Let’s take a break from beating up on Tony Evers and Robin Vos, to lob some high hard ones at Rob Manfred.
The Commissioner of Baseball (also known as The Lackey of the Owners) opined the other day on some rule changes that might come or go. The issue is an important one for the game because the owners’ agreement with the players expires on December 1st. Let’s hope Manfred can head off a lock-out, but barring that, the new agreement might contain some significant changes to the game.
Now, let me stipulate upfront that, while a moderate in my politics and in most other aspects of life, I’m a reactionary when it comes to baseball. I don’t like change. I am against “progress” in all its forms. If God had wanted there to be a designated hitter he would have told Abner Doubleday.
So, Manfred is right when he says that the seven inning double headers and the runners on second to start extra innings have to go. In fact, why they didn’t go after the COVID season is beyond me. Those rules didn’t make a heck of a lot of sense even during the height of the pandemic. The idea was to limit the amount of time players spent around each other. But did it really make any difference if players spent 14 innings in close proximity as opposed to 18? And the runner on second shortened games by all of about five minutes. Away with these abominations!
But these two “changes” are just going back to the rules as they were and should be. Manfred is talking about making two other rule changes that would pervert the game. These must be smothered with a pillow as they sleep.
The first change would outlaw the shift. When I was a young Brewer’s fan the team had a manager named Dave Bristol. Bristol figured out that, for left handed batters, the shortstop was on the wrong side (duh). So, he would often move his shortstop to play between first and second against lefties. It was called the “Bristol Shift” and he was widely mocked for this. Turns out he was just ahead of his time.
The Bristol Shift was crude, based only the manager’s gut feelings about particular left-handed hitters, and involving only the shortstop. Today’s sophisticated shifts are governed by reams of data that dictate where a handful of players might position themselves. It’s also deadly effective. Some fans get frustrated when they see a well struck ball that should be a hit fall into the glove of a perfectly placed fielder.
But that’s just part of the game. And, in fact, it opens up a whole new set of strategic questions to think about. To require that players stand in a circumscribed space limits managers’ discretion and removes a whole set of strategic considerations from the game. After all, all this analysis only produces odds and probabilities. Managers are gambling on every play that the odds will hold up. But they don’t always.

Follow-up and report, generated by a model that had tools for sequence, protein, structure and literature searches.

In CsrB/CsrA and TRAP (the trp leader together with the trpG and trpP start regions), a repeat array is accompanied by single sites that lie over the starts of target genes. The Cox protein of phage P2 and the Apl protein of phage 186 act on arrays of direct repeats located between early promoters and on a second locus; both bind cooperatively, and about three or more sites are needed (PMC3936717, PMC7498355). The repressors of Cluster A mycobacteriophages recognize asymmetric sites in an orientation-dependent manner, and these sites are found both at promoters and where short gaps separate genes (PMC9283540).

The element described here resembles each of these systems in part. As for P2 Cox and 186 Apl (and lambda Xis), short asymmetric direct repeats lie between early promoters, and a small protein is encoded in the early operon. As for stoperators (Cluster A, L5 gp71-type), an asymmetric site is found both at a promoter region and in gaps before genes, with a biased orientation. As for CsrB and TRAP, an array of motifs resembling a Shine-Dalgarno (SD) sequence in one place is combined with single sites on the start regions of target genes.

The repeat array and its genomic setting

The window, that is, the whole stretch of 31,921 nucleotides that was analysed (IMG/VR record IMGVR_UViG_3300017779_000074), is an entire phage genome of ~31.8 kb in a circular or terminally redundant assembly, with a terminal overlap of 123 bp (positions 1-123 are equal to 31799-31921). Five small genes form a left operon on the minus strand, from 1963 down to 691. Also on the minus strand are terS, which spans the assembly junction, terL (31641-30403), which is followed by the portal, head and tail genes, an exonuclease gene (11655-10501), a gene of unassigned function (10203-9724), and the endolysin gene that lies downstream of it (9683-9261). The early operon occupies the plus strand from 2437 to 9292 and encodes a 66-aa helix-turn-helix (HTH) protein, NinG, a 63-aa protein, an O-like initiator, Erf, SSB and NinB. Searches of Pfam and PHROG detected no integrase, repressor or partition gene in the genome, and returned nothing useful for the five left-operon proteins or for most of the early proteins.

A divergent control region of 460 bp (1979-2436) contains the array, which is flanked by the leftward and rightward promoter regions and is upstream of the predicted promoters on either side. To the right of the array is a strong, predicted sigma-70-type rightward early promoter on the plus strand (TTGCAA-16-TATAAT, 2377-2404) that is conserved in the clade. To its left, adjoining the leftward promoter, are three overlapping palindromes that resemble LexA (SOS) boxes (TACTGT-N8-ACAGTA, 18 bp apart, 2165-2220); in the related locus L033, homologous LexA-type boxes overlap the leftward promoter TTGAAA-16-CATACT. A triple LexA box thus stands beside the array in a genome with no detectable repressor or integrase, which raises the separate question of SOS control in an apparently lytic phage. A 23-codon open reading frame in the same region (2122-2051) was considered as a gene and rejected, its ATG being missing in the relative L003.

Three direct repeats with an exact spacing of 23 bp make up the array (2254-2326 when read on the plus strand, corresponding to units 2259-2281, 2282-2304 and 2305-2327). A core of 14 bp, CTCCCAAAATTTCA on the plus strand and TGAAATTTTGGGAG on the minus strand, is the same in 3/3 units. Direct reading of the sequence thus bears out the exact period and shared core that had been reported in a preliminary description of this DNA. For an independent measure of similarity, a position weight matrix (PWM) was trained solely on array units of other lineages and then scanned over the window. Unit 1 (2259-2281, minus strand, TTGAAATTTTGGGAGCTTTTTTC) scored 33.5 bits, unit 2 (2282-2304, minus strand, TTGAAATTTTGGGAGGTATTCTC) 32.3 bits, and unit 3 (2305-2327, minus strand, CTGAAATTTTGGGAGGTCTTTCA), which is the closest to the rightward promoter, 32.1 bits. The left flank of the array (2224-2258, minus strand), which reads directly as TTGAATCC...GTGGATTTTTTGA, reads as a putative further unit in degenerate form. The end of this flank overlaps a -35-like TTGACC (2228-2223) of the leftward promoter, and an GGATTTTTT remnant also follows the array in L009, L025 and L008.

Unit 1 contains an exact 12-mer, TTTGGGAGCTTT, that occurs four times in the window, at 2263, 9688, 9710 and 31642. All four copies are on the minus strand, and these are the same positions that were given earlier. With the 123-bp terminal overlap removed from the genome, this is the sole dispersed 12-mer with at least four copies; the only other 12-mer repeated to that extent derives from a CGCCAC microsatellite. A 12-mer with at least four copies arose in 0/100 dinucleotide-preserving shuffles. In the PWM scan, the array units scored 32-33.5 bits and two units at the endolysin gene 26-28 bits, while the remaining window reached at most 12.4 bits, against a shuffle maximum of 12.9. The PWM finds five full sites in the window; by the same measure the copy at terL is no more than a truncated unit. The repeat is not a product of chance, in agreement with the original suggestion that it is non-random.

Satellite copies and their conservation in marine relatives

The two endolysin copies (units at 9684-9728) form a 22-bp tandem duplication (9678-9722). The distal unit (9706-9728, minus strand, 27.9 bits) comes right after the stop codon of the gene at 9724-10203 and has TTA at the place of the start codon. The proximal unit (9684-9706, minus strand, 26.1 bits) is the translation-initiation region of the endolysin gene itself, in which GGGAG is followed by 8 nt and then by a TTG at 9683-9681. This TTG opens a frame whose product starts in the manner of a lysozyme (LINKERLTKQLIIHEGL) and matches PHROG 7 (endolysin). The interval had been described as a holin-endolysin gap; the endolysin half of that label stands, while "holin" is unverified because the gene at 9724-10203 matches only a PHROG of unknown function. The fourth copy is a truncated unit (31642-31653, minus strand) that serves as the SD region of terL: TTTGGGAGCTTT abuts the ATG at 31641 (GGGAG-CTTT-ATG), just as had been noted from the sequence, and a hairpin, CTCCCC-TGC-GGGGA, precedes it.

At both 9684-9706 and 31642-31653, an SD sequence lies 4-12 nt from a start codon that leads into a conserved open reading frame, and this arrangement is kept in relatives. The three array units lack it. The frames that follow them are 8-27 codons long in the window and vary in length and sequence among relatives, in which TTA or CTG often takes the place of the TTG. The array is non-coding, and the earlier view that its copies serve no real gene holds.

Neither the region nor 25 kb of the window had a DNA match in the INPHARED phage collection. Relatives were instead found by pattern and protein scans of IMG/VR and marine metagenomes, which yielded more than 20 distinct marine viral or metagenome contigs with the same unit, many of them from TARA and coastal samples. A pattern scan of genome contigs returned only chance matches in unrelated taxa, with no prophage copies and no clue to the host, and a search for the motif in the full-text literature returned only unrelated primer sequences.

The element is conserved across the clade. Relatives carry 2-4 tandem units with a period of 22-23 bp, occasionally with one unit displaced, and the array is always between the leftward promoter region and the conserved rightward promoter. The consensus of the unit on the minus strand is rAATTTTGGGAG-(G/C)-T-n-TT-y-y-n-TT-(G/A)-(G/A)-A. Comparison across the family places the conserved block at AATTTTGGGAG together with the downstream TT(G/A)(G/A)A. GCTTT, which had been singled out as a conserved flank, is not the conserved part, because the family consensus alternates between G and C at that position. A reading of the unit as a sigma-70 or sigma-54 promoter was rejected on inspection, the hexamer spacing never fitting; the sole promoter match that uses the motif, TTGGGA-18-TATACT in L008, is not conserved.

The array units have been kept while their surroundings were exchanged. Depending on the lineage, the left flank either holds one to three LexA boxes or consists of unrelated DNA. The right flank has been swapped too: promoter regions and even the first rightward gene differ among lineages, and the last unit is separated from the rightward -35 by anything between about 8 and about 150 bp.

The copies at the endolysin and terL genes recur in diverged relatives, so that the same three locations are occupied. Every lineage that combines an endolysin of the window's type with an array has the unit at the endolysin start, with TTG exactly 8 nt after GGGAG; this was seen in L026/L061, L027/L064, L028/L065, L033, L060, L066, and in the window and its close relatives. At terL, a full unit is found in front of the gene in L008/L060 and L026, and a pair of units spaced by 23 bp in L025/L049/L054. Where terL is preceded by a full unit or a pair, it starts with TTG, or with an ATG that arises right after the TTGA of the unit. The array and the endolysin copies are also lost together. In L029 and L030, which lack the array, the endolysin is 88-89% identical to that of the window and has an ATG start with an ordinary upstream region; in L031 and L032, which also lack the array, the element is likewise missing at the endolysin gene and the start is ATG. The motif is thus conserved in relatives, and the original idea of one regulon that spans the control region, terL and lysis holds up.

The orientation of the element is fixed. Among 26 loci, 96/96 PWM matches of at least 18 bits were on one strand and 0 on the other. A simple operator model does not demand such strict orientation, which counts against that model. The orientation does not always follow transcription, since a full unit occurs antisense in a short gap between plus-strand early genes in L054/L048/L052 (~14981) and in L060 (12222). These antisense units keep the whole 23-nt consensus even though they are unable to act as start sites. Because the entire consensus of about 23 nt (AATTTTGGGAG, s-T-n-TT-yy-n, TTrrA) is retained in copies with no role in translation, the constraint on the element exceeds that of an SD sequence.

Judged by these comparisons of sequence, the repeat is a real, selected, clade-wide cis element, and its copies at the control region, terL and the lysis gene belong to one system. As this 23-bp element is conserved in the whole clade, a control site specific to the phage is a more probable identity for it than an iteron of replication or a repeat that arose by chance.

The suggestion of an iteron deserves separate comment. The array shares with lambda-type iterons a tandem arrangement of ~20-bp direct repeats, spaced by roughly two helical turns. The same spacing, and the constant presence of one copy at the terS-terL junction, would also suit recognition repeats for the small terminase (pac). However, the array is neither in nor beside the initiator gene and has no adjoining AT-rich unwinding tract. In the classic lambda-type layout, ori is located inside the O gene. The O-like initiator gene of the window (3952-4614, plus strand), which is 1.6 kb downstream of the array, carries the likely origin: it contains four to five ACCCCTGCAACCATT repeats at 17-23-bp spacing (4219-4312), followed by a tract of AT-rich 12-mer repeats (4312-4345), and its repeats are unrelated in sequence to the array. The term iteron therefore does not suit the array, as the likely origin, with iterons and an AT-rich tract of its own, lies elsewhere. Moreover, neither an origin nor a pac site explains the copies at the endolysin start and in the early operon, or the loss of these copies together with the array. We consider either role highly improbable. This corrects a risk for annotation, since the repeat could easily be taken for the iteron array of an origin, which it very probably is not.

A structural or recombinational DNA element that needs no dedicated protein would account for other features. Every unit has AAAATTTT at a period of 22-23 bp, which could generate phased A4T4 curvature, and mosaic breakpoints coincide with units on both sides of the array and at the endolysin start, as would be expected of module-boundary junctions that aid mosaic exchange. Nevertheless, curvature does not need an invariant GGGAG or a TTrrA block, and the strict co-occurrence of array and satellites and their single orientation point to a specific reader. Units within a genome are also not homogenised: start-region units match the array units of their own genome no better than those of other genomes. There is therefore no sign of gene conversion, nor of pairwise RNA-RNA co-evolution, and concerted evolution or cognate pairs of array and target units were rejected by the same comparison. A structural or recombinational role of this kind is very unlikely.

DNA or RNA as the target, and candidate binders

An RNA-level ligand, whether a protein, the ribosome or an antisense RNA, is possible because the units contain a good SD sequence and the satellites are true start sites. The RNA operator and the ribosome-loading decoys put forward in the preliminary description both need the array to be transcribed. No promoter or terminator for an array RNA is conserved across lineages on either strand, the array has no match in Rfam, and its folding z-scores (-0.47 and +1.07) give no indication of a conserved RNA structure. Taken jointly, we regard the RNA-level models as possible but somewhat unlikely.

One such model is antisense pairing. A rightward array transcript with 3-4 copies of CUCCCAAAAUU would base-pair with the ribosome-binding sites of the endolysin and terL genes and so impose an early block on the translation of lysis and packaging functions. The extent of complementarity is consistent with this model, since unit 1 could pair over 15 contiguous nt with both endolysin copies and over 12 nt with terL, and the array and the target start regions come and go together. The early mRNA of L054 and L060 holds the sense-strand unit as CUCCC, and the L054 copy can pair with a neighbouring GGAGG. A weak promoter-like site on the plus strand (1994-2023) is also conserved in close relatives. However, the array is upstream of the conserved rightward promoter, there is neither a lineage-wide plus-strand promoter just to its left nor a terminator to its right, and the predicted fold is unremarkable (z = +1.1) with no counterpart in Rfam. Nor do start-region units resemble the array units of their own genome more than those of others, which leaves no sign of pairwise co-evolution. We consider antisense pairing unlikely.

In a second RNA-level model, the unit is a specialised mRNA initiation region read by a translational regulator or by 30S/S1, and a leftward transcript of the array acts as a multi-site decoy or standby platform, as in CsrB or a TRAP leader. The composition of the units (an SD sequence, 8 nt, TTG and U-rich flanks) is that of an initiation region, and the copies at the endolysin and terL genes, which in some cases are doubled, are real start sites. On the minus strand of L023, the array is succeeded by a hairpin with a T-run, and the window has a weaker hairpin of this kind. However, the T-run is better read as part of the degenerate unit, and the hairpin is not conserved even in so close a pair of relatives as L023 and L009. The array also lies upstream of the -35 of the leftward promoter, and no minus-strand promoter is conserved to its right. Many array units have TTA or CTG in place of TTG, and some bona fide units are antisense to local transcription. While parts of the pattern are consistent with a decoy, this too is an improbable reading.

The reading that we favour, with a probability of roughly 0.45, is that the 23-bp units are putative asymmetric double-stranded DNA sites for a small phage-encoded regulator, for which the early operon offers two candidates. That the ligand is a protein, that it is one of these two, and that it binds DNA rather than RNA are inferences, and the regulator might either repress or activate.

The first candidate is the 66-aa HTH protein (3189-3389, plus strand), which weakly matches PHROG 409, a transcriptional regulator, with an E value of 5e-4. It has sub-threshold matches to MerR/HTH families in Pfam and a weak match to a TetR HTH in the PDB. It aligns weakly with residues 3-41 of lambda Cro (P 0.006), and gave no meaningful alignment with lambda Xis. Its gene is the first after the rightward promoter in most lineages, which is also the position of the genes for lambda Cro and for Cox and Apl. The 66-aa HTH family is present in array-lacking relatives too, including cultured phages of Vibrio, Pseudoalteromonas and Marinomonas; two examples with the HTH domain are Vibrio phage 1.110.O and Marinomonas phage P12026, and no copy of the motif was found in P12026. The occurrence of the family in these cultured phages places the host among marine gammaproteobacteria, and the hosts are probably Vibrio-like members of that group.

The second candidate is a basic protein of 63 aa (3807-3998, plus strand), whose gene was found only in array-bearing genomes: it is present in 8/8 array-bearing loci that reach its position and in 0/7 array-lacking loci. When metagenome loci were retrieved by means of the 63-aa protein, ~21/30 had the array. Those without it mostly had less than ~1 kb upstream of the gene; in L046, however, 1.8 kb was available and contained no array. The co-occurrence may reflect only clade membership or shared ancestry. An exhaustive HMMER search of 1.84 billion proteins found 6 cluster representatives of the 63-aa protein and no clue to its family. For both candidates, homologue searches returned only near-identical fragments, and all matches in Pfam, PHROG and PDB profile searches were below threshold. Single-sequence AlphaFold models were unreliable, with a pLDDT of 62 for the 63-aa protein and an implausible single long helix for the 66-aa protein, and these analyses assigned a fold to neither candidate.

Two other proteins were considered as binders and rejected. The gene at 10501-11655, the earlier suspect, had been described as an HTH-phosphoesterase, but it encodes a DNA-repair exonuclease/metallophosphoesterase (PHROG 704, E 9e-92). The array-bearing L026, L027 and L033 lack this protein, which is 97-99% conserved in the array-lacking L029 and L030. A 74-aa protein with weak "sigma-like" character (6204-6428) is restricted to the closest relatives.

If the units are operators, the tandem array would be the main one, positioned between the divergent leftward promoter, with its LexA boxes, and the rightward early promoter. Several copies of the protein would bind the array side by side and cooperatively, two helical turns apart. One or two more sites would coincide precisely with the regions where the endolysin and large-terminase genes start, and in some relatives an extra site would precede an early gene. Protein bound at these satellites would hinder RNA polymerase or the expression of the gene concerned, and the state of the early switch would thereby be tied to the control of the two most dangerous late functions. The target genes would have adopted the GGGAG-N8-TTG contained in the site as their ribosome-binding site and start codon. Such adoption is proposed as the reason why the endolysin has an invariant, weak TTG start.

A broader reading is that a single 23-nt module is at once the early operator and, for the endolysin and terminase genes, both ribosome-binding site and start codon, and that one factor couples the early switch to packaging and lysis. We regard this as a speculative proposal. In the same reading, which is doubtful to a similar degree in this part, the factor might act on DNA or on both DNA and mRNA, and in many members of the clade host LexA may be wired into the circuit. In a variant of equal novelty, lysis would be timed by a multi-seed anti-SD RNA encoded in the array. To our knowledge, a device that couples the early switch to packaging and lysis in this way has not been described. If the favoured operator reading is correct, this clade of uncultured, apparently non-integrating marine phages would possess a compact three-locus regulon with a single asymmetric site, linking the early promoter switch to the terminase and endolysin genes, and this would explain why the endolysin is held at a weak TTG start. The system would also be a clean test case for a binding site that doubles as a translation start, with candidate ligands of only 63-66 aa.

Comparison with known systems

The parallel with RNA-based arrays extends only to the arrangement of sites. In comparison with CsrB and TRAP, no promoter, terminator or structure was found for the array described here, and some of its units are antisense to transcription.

The better answer is to teach batters to hit ’em where they ain’t. Some of these shifts leave huge open spaces on one side of the field. Why can’t batting coaches work with players to go to the opposite field? You get a lot of batters able to do that and, so long shifts.
The second change Manfred is inching toward, like a snake stalking a mouse, is inflicting the designated hitter on the National League. He even had the audacity to refer to this heresy as a “non-radical” change.
The DH? Not radical? Of course not. All it does is reach into the beating chest of the game and rip out its heart. Countless times during a season, NL managers are faced with a choice like this: It’s the middle innings. Their pitcher is going good and his pitch count is in fine shape. But it’s a close ball game. He’s got a runner in scoring position and the pitcher’s spot comes up in the order. Does he keep his ace in the game or does he go with a pinch hitter?
All kinds of factors go into that decision. Who’s he got on the bench to pinch hit? Do any of them stack up well against the opposing pitcher? If he’s going to take his pitcher out of the game, who’s ready in the bull pen and how do they match up against the other team’s batters in the next inning? Is his pen fresh or could they use a rest by getting another inning or two out of the starter?
With a DH, poof, that’s all gone. Literally, it changes the game fundamentally and it alters decisions that impact entire seasons.
But here’s the problem. Owners like the DH because they think it will produce more offense and make the games more exciting, as if baseball was only about scoring and not about defense. In their minds, more scoring means more fans and more eyeballs and, of course, more money for them. Players like it because it will extend careers. Guys who are getting a step slower in the field can still hit, and play another couple of seasons.
And the fans? Well, nobody cares about what the fans think. Us? We’re just the folks who line the owners’ pockets and pay the players. Never mind us.
Baseball is like deer hunting. I’ve always said that if you think deer hunting is about killing a bunch of deer, you’re not a hunter. If you can’t sit for days on end in the cold and never pull the trigger, maybe not even see a deer, then go find another activity. It’s not a video game. Same goes for baseball. It’s not about how many runs get scored. It’s about dozens of strategic decisions in every game, it’s about taking into account the implications for the next game and the rest of the series, it’s about knowing and playing the odds and knowing when to toss all the numbers and go with your gut.
I am a baseball reactionary. Leave the game alone. Change is bad.
Welcome to the 151st consecutive day of posts here at YSDA. Thanks for reading!